Patrick Smith, a qualified US-based commercial airline pilot, blogger and author of the book Ask the Pilot, believes the concern over fraudulent passports inflamed by the MH370 disaster, while real, is partly exaggerated. "For better or worse, there are probably thousands of people flying around the world each day using forged or stolen documents, for any number of shady reasons," he says. "I'm not saying this is acceptable, but the reality is the vast majority of these people are not terrorists."
Who will pay for safer skies?
The disappearance of MH370 has provided unexpected lessons for the world's travelling public on some arcane aspects of aviation. Many of us now grasp the basic aspects of black box flight recorders and their limitations, breaches in cockpit security and the enormous costs associated with extended search and rescue missions.
Peter Marosszeky, a fellow of the Royal Aeronautical Society, aviation specialist and senior researcher at the University of NSW, believes economic and practical factors may prevent improvements to aircraft flight data recorders as well as cockpit security. "The fact Malaysia Airlines decided not to have the latest software aboard MH370 in order to allow the full benefit of data transmissions to the airline and engine manufacturer is an economic problem for the operator. But the proverbial black boxes have served the aviation industry very well, and continue to do so."
However, Marosszeky believes emergency locator batteries, which are attached to each black box, could be improved to provide stronger signals over an extended period to assist with locating downed airliners. Modern aircraft are tracked by satellite, but when power is removed from the aircraft those systems are lost.
The integrity of cockpit security is another issue that has emerged following revelations that one of the pilots on the ill-fated plane had invited unauthorised guests onto the flight deck on a previous flight. Suspicions persist that someone may have gained access to MH370's cockpit during its flight.
Cockpit doors were strengthened after September 11 . "Current cockpit security is as tough as you can have it, with hardened doors and locks and a video surveillance systems for the pilots to use to assess threats from outside the door," Marosszeky says. "But this is only as good as threats made to the cabin staff outside to force the flight crew to open the door."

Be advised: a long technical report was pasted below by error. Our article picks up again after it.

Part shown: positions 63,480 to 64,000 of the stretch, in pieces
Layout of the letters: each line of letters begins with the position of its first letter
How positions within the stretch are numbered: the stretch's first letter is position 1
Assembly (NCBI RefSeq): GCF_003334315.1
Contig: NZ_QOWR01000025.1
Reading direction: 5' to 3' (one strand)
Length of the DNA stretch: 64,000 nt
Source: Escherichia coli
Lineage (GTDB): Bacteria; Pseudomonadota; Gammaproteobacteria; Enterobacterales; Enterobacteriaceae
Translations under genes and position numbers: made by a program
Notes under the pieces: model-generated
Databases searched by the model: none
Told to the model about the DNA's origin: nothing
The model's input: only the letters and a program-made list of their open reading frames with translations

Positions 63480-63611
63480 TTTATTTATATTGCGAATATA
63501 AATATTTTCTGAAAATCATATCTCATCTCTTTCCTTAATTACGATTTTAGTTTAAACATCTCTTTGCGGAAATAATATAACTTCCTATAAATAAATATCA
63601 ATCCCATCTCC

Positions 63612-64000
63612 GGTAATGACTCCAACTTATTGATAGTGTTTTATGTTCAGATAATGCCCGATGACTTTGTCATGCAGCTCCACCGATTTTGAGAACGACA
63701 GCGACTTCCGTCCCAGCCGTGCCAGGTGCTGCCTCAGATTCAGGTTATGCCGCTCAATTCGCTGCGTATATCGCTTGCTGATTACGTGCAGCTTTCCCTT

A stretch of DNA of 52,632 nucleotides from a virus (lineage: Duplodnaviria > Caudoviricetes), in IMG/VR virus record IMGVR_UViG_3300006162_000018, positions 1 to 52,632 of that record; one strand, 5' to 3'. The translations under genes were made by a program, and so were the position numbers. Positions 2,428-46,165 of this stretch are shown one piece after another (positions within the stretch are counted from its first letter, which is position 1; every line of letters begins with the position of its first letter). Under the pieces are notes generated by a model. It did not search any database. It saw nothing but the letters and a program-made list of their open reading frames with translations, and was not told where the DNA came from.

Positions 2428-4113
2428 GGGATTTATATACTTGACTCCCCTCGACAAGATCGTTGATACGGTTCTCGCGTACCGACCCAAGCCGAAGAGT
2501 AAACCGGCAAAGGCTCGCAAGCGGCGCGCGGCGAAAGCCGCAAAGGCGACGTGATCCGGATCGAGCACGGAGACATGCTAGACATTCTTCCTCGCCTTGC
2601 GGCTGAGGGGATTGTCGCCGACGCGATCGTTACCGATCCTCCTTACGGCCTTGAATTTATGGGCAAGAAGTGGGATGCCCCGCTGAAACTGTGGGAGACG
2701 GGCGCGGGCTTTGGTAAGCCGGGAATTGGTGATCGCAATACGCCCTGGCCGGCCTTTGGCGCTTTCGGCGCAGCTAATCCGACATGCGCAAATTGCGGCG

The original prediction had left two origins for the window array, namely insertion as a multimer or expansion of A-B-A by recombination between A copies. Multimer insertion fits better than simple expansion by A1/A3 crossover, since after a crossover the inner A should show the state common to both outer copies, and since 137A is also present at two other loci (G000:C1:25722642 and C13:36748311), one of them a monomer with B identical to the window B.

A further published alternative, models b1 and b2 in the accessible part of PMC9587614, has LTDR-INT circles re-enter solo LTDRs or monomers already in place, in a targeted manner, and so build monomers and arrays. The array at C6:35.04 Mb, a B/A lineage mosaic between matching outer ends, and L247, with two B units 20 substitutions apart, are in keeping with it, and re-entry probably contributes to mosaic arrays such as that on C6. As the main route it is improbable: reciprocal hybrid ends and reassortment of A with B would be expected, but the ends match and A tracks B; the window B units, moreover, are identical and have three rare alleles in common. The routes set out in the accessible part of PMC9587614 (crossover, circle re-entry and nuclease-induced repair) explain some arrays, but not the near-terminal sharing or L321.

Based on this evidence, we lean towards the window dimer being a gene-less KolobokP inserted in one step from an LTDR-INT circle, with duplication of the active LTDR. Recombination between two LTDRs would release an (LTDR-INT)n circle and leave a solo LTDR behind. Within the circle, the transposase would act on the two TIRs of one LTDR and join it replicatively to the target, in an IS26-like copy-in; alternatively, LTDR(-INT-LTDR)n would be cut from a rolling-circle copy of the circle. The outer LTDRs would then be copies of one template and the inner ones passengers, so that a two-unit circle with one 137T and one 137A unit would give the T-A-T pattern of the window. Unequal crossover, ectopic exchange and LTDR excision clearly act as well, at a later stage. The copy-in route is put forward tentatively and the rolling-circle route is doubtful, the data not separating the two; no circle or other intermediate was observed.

Putting airline safety into perspective
In 2013, according to the International Air Transport Association, there were just 210 airline fatalities — 30 or so fewer than the likely fatality list for MH370, making the past decade or so the safest in the history of aviation.
As Smith points out, in an age when fatal crashes have become a one in 5 million flights chance, they tend to receive more intense media scrutiny and to stay in our collective consciousness for longer than in the past. "Globally, the trend over the past two decades has been one of ever-increasing safety," he says. "We will never be perfectly safe, and we will continue to see accidents from time to time — just not nearly as many as we used to."
However, David Scowsill, chief executive of the World Travel & Tourism Council, believes travel will quickly recover from the loss of MH370.
"The airline industry is incredibly resilient," he says. "Even after an event like 9/11, there was a six to 12 months dip in air travel, but then the airline industry bounced back and the number of people flying returned to previous levels."
Anthony Dennis is Fairfax's national travel editor.